Historical US Income Taxes

In recent discussions about the US federal budget, much of the conservative rhetoric has pivoted on the argument that heavily taxing the wealthy is unfair.  The latest budget out of Congress added a new tax bracket, 39.6%, that applies to the wages of those earning more than $400,000 (single filers) or $450,000 (joint filers) instead of the old 35% bracket (1); this led to the infamous 'sad rich people' infographic in the Wall Street Journal (2).

These discussions piqued my interest in the history of income taxes in the US.  How do current taxes compare to the historical rates?  Thanks to the IRS (3) and the Tax Foundation (4), I can do more than wonder.  I used data from these sources to create my own infographic:
US historical income tax rates. y-axis is year (2013 on top); x-axis is earnings ($0-1,275,000); each color is 10%
This graphic represents the inflation-adjusted effective income tax rates in the US over the last century.  Effective tax rates have been much, much higher than they are today for most of the US' history.  From 1942 to 1981, taxpayers with wages over $1 million in today's dollars were paying 60-80% income tax; from 1944-1963, the top tax bracket was over 90%.  The Apollo space program, President Eisenhower's Interstate Highway System, education improvements beginning with the National Defense Education Act, payoff of World War debts, and all of the other projects of the Greatest Generation were in part funded by these taxes on the rich.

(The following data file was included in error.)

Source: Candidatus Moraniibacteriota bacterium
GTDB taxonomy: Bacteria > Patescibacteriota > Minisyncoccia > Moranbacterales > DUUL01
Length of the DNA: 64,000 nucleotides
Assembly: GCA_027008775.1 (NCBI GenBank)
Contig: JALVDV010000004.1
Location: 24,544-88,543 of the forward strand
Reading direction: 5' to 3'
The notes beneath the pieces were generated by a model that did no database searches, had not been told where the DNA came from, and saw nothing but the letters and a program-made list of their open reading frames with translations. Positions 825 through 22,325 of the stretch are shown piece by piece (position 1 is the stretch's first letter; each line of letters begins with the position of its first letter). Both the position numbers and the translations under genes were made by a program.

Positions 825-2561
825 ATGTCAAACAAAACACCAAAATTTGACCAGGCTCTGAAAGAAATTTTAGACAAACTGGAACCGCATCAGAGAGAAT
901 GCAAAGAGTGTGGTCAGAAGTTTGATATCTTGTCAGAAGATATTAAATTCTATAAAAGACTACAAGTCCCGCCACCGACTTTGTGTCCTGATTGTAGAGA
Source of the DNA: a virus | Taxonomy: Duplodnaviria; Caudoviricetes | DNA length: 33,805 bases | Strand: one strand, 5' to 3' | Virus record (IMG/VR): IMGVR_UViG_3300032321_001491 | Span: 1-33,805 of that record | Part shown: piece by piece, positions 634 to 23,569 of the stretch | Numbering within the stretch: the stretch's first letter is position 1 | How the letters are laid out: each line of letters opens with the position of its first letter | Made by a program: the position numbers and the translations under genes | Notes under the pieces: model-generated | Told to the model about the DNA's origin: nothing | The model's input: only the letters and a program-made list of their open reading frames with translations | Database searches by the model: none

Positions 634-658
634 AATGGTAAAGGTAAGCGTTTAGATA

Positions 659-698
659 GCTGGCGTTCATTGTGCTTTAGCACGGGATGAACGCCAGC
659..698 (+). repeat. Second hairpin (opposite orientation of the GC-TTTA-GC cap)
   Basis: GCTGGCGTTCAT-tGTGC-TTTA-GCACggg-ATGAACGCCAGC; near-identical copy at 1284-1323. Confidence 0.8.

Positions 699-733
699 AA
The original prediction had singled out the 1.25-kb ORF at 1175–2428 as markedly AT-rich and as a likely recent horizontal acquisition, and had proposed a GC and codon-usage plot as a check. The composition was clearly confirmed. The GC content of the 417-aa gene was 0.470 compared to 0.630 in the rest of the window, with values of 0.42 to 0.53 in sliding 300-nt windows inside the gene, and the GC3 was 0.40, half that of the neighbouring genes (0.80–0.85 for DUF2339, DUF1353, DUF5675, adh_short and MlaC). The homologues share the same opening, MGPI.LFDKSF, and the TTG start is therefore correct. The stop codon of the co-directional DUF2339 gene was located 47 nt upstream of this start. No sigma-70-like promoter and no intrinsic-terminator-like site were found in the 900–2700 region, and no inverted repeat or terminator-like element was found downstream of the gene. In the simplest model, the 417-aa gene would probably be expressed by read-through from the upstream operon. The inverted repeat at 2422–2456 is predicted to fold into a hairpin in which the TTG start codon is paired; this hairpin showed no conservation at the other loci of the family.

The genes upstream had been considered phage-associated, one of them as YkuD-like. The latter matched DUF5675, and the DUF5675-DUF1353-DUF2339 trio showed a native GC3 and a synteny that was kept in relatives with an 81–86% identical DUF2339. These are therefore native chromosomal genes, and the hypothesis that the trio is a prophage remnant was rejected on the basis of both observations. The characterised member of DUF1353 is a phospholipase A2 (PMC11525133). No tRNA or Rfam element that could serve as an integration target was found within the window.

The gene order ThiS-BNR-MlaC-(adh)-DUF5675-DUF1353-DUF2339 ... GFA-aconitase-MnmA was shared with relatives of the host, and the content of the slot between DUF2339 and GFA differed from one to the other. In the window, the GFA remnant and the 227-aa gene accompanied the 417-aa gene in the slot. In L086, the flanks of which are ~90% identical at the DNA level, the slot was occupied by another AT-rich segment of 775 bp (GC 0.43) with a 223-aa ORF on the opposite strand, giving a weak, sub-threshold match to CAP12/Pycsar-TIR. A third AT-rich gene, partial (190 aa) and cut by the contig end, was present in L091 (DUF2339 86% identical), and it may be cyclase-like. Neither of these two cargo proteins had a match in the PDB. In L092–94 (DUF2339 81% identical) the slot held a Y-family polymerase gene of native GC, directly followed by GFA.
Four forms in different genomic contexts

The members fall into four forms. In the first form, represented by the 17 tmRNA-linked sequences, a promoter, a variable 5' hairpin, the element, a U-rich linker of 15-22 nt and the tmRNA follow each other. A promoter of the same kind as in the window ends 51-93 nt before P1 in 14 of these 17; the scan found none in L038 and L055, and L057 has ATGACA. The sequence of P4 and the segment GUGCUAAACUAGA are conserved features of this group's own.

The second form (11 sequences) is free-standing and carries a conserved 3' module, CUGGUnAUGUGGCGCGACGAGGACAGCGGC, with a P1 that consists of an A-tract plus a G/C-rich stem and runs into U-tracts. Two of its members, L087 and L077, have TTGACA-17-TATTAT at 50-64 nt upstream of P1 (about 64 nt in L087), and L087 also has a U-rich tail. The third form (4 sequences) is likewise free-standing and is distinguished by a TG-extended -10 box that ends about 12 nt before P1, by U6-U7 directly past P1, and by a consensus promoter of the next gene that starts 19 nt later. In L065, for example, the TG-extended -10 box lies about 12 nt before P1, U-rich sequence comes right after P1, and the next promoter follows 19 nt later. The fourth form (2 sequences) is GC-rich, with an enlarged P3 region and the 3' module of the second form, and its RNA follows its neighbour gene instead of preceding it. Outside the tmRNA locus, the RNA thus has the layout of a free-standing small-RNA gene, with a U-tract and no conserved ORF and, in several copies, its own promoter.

This doesn't take into account payroll taxes (Medicare, Social Security), state taxes, sales tax, or any other kind of tax, so I can't say how the overall tax burden has changed for the average American over this time period.  That being said, it's clear that the rich in previous generations haven't shied from contributing.

The graphic also doesn't take into account the various tax deductions available to eligible taxpayers; on this topic, however, I was able to find some interesting data on the history of the Personal Exemption (5):
It looks like the Personal Exemption was originally supposed to entirely exempt enough money to live on, but this concept didn't survive World War II.

The Google Spreadsheets in which I calculated the inflation-adjusted exemption data (6) and created the income tax graphic (7) are available.

(1) http://taxes.about.com/od/Federal-Income-Taxes/qt/Tax-Rates-For-The-2013-Tax-Year.htm
(2) http://online.wsj.com/article/SB10001424127887323689604578220132665726040.html
(3) http://www.irs.gov/pub/irs-prior/
(4) http://taxfoundation.org/
(5) http://taxfoundation.org/article/federal-individual-income-tax-exemptions-and-treatment-dividends-1913-2006
(6) https://docs.google.com/spreadsheet/ccc?key=0AiEk9zzYZVLgdFpQMXlaVkc1UVQ3bXBEdUl2S0tBTmc
(7) https://docs.google.com/spreadsheet/ccc?key=0AiEk9zzYZVLgdFNSd1QwVHhMbXR1VHd5M2Ryd25IN0E